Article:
The world’s largest single release of genetic data will help scientists better understand and treat diseases like cancer, heart disease, and dementia.
Whole genome sequencing (WGS) data for 200,000 UK Biobank participants has today been made available to approved researchers through a secure digital system.
It is the largest release of such data, so far, anywhere in the world and cements the UK’s place at the forefront of the life sciences industry. When combined with the extensive amount of lifestyle, biochemical and health data already held for the participants in UK Biobank, it will help researchers:
- better understand the impact of genetics on health
- identify new and better treatments.
Established in 2006, UK Biobank follows the health of 500,000 participants from across the UK and has already developed a world-leading resource. This is contributing to more than 3,000 research studies in more than 90 countries.
Drugs supported by genetic evidence are twice as likely to treat patients effectively. Genetics will also help doctors identify patients who may be at higher risk of developing side effects to existing or new medicines.
The sequencing programme has only been made possible through collaboration between government, industry, and charity in a project that showcases the strengths of the UK life sciences industry.
UK Biobank has been supported by £200 million of funding from UK Research and Innovation (UKRI), Wellcome and a consortium of industry partners:
- GlaxoSmithKline (GSK)
- Johnson & Johnson
- with the sequencing carried out by the Sanger Institute and deCODE.
Sequencing programme on track
Despite the challenging conditions caused by the COVID-19 pandemic, the sequencing programme remains on track to sequence all 500,000 participants in UK. Data on the remaining 300,000 participants is expected to become available to be released in early 2023.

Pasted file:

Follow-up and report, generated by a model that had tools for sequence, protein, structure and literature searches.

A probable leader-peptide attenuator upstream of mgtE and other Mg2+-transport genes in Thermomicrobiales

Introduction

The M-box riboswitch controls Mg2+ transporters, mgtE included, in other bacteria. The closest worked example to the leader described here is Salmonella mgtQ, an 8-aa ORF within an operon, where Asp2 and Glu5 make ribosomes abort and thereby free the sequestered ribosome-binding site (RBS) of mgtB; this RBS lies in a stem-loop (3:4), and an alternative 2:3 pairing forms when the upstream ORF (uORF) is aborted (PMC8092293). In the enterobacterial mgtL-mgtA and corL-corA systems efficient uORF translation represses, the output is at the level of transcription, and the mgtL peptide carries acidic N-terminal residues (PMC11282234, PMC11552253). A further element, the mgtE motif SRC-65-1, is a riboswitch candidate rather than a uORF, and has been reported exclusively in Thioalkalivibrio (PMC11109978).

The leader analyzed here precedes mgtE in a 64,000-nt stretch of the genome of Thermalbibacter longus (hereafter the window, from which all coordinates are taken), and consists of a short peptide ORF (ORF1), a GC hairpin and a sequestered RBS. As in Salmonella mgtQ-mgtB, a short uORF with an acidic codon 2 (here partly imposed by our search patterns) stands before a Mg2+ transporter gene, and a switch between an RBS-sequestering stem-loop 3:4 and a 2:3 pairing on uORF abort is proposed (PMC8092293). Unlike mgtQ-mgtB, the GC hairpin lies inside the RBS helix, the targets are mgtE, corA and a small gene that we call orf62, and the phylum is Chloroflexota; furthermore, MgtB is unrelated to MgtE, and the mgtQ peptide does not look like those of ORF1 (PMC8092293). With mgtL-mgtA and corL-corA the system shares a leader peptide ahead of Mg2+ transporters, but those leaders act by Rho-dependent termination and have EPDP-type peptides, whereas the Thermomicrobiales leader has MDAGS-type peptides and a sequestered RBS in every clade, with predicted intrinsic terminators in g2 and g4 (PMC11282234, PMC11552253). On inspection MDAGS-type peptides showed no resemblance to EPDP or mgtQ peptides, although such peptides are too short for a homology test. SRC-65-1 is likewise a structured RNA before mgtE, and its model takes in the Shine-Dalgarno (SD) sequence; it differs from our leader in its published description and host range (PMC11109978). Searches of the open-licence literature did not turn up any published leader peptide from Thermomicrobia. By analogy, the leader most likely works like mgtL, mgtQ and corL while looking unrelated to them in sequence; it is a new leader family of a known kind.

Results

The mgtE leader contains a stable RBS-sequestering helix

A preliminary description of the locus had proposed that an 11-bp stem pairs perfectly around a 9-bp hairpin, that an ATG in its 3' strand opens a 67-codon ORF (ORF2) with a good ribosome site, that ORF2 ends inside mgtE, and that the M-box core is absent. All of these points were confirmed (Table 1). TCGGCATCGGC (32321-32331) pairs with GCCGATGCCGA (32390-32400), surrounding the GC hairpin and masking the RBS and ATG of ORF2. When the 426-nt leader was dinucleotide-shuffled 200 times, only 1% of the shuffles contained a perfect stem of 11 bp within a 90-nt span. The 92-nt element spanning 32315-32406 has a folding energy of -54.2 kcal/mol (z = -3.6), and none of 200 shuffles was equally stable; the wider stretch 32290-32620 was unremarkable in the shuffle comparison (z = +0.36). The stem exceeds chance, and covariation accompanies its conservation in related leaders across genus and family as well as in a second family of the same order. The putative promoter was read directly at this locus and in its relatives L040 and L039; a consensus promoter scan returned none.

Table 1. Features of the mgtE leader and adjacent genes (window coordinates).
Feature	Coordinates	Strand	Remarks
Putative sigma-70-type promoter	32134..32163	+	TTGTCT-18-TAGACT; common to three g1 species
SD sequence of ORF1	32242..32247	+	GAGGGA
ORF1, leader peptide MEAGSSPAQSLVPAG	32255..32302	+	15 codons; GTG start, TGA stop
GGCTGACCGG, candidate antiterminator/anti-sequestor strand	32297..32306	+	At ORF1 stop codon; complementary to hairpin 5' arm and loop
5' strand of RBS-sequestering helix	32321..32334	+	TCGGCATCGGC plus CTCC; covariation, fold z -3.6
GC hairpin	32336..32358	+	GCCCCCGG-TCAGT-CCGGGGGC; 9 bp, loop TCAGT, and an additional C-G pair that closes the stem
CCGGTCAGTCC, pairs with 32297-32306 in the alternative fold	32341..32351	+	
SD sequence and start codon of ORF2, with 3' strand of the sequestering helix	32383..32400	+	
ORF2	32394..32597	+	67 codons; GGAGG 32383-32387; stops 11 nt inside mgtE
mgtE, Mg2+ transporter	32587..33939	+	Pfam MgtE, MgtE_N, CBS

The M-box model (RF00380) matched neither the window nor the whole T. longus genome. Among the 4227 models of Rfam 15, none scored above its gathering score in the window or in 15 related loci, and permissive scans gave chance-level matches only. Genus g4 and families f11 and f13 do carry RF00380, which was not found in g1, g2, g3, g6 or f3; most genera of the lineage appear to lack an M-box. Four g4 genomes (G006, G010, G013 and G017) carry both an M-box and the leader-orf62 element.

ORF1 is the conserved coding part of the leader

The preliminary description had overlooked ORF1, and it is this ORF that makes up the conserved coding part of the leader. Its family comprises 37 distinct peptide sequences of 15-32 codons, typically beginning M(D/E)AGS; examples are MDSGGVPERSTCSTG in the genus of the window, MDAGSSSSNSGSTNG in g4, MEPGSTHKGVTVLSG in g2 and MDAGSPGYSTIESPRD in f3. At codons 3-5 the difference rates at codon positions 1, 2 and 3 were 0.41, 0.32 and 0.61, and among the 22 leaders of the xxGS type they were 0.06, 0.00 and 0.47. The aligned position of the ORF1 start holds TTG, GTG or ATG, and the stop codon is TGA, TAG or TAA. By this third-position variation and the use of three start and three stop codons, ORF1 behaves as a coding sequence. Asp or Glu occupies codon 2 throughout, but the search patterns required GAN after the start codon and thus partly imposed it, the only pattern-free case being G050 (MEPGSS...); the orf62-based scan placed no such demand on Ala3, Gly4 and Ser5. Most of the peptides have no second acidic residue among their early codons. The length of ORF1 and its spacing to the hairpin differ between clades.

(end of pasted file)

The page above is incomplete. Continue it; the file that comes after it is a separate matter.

WGS data will also help identify patients with a higher than average risk of developing conditions because of their unique genetic make-up, using genetic ‘risk scores’.
This will allow healthcare to take a much more personalised approach with patients, supported by preventative strategies, like lifestyle changes or targeted screening. This means that diseases could be either avoided, delayed, or detected at the earliest stages when treatment is most effective.
Professor Dame Ottoline Leyser, Chief Executive at UK Research and Innovation said:
The UK Biobank programme demonstrates how transformative science can be delivered much more rapidly by working in partnership. Through the data to early diagnosis challenge, UKRI is proud to have co-invested in this ambitious programme which has delivered an unprecedented data resource to accelerate the application of genomics to improve health.
Professor Sir Rory Collins, Principal Investigator at UK Biobank, said:
Sequencing at such a large scale and speed would not have been possible without the long-term vision of UKRI and Wellcome, the support of the industry consortium, and the expertise of the sequencing teams.
The WGS project will make UK Biobank the most detailed genomics database in the world and by sharing these data with the global research community our aim is to enable breakthroughs in understanding, diagnosis, prevention and treatment strategies for a range of common and life-threatening diseases.
Pivotal moment for scientific research
The Chair of the Joint Steering Committee, Letizia Goretti, representing Johnson & Johnson Innovation on behalf of the industry consortium parties, Amgen, AstraZeneca, GSK and Johnson & Johnson, said:
We are all incredibly proud of contributing to the creation of the largest whole genome sequencing data set in the world. These data, combined with the extensive lifestyle, biochemical and health outcome data already available, makes the UK Biobank an increasingly powerful resource for understanding the genetic architecture of diseases and accelerating drug discovery and development.
It is a truly pivotal moment for scientific research aimed at improving human health.
Top image: Credit: janiecbros, Getty Images